13,011 Enjoy Wiener Dogs

Weiner%20Dog%20Day8%209-2-13On a day when Minnesotans were still coming to terms with the loss of Justin Morneau, news came about the death of former heavyweight champion Tommy Morrison, that Diana Nyad had at long last accomplished her life-long dream, and that Oscar would indeed defend his title.

Oscar?

Call him by his appropriate appellation, Dachshund, or by the folksier designation, Wiener Dog, it doesn’t seem to matter to Oscar or others of his ilk.

They come to Canterbury Park each year to race, and the crowds follow them like groupies do a rock band, annually giving the racetrack one of its largest crowds of the season.

Oscar was simply unbeaten and the defending champ in the Wiener Wars, having won five titles and two in a row.

Alas, on any given Labor Day afternoon…

Duke carried the day. Only fourteen months old, Duke trained in the backyard of his home in Vadnais Heights. Owned by the Wrona family – Sonya, Mike, Michael and Nicole – Duke got a great break from the gate and finished a length in front of the defending champion. Oscar dwelt in the gate but managed to overtake every other starter in the field except for the winner.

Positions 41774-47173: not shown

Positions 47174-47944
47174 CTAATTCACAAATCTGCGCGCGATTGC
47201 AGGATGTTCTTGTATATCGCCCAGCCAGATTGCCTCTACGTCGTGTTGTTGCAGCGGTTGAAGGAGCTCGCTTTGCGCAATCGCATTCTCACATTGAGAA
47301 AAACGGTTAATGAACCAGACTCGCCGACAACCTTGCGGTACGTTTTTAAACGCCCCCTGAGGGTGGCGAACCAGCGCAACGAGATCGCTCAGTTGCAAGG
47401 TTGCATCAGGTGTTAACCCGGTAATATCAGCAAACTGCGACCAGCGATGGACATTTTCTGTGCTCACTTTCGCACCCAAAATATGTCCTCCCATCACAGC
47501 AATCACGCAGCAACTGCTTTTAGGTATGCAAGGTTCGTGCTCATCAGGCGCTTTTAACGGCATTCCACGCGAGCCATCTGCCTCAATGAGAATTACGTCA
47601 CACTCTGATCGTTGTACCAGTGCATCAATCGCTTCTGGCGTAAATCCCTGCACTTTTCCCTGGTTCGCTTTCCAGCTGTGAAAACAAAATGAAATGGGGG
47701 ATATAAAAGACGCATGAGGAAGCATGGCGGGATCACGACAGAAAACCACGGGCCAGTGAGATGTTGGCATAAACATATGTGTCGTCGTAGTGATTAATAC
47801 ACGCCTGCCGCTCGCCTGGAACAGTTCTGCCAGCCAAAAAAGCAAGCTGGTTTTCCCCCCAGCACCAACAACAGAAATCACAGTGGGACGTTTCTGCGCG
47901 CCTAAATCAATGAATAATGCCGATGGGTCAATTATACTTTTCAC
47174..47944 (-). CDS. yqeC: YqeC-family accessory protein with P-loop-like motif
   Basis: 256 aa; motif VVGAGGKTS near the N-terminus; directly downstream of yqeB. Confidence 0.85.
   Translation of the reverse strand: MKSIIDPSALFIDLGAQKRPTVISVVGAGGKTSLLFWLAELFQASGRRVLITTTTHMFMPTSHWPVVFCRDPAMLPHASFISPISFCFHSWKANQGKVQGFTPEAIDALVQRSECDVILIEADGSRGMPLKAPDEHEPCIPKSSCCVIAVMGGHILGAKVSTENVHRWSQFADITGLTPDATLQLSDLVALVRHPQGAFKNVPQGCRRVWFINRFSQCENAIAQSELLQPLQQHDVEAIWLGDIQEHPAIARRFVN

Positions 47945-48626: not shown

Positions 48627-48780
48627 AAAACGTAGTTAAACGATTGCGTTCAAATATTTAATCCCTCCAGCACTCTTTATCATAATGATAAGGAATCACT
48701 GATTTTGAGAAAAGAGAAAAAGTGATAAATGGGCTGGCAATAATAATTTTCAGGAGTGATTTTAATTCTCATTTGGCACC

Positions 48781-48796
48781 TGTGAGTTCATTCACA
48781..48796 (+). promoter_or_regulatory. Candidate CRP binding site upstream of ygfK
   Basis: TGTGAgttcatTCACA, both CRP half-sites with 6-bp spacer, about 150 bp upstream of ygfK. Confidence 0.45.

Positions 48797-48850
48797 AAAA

“He’ll be back. He’s not finished at all,” said owner Chrissy Bitterman.

As for Duke, he trained primarily by running in the Wrona’s backyard for food rewards.

His victory reward was something he had never had before. “He’s going to get a tiny piece of hotdog,” said Sonya.

Will he defend his title next summer?

“Probably, if we’re not at the lake,” said Michael.

Six heats throughout the card on Sunday determined the 12 qualifiers for the championship race which was held after the seventh horse race of the day.

Aspen, owned by Jake and Justine Launert of St. Louis Park, qualified first in the third heat. Aspen’s training diet consisted of bacon and cheese stuffed burgers. He trained with the boxer next door.

Justine knew exactly what to expect in the final, or at least thought she did. Oscar was indeed the dog to beat in her view.

Bikini was the second qualifier from the same heat and is owned by Ashley Lembke of Northfield. His training regimen? Well, he’ll clean the cat box out if Ashley doesn’t stop him first. But he also sits on a miniature pony while his owner leads him around.

Then, of course, there was Charlie Brown, a qualifier from heat No. 2. Charlie is owned by Dustin and Crystal Brown and beefs up on bologna twice a day, at 9 a.m. and again at 9 p.m. He was in the finals last year.

Frank, owned by Jessie Bentz of Eden Prairie, qualified first out of heat 5. Frank’s idiosyncrasies? He likes to chase squirrels and doesn’t care for the Fedex or the UPS men. He also came out of retirement for one last shot after running in 2006 and 2007.